in just a few weeks from now, Indigma will take up temporary residence in the old Tony Cheng's space at the corner of Charles and Madison. Tony Chemmanoor's posh Indian restaurant was one of the casualties of the December fire that totated Mount Vernon's Park Plaza buidling.. Chemmanoor plans to move back to the Park Plaza building when it reopens, which won't happen for another nine months, min. I'll keep you posted about the opening date for Indigma's temporary home.    
NEWS
By Knight-Ridder Newspapers | May 12, 1995
WICHITA, Kan. -- She was born a Siamese twin, and her father kidnapped her sister from the hospital days after they were separated. Her mother disappeared even before the kidnapping; her father went to jail for murder not long after. As she grew, she was moved from home to home. At 1, she was beaten. One of her foster mothers was stomped to death by gang members.But Anna Cates didn't give up. And on June 1, the shy young woman with a winning smile will march in graduation with other members of the Wichita South High School Class of 1995.
EXPLORE
June 17, 2011
Editor: The Welcome One Emergency Shelter in Belcamp operated by Faith Communities and Civic Agencies United (FCCAU) continues to provide excellent services for Harford County's homeless population. Even faced with reduced funding, our exceptional donor base and dedicated staff have demonstrated relentless diligence and compassion in caring for some of our county's most vulnerable citizens. During 2010, the Welcome One Emergency Shelter became a temporary home to 202 homeless men and women.
EXPLORE
June 17, 2011
Editor: The Welcome One Emergency Shelter in Belcamp operated by Faith Communities and Civic Agencies United (FCCAU) continues to provide excellent services for Harford County's homeless population. Even faced with reduced funding, our exceptional donor base and dedicated staff have demonstrated relentless diligence and compassion in caring for some of our county's most vulnerable citizens. During 2010, the Welcome One Emergency Shelter became a temporary home to 202 homeless men and women.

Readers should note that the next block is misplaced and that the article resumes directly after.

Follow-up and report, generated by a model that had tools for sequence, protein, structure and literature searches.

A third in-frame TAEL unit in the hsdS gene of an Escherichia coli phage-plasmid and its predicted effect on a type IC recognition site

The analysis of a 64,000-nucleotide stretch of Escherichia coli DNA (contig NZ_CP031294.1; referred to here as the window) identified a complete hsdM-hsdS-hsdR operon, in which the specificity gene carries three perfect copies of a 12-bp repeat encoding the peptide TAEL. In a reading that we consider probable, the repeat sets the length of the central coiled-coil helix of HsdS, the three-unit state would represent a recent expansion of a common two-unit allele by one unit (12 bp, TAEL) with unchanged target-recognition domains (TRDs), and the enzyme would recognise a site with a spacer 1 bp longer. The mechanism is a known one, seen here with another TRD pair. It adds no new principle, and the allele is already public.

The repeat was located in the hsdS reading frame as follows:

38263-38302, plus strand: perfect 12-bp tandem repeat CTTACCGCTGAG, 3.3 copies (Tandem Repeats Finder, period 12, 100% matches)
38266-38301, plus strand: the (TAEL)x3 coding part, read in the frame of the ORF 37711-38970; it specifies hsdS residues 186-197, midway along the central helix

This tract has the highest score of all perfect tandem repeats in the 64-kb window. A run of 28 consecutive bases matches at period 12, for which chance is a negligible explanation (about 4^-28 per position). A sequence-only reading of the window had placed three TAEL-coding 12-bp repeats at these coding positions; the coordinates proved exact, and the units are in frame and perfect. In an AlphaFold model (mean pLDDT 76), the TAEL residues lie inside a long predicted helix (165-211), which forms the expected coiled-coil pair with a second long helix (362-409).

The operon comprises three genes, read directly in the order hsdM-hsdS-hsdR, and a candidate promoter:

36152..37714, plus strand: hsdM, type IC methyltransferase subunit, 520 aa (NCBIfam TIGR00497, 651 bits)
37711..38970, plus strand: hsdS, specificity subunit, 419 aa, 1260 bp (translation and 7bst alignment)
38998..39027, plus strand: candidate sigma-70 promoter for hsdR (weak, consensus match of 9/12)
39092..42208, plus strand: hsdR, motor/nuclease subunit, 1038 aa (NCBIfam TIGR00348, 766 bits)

NEWS
By Meredith Cohn and Meredith Cohn,meredith.cohn@baltsun.com | August 10, 2009
Five-year-old Miriam heard them first. But her mother, Mary Talalay, didn't quite believe there were birds living in their suburban chimney. Then she heard them, too. The baby chimney swifts were chirping - and loudly - for food. Each summer, Baltimore becomes a way station for thousands of the small, brownish-black birds, on their long migration between North and South America. They nest and roost inside local brick and stone chimneys, their preferred summer homestead. Officials for the state Department of Natural Resources say homeowners sometimes mistake them for bats.
NEWS
By Mary Johnson and Mary Johnson,Special to The Baltimore Sun | September 4, 2008
The show must go on, and will go on, at another venue for three theater companies who normally share space in Bowie Playhouse. The Playhouse, in Whitemarsh Park, one mile over the Anne Arundel County line, is undergoing renovations. And Prince George's Little Theatre, 2nd Star Productions and Bowie Community Theatre, which normally alternate shows in the Bowie Playhouse, have had to find a temporary home - in City Hall.
NEWS
By Larry Carson and Larry Carson,larry.carson@baltsun.com | September 4, 2008
The often-delayed plan to renovate the county government complex will get off the ground in earnest now that officials have found a temporary home for about 400 county employees while the project commences. With a $20 million renovation of the 1976 George Howard Building in Ellicott City now imminent, county officials have signed a $1.6 million lease on a 106,000-square-foot, two-story building at 8930 Stanford Blvd. in east Columbia, behind the Apple Ford auto dealership. Plans are to use the long weekend ending Oct. 13 - the Columbus Day holiday - to empty the county government building, which is to be redesigned, said James M. Irvin, the county public works director.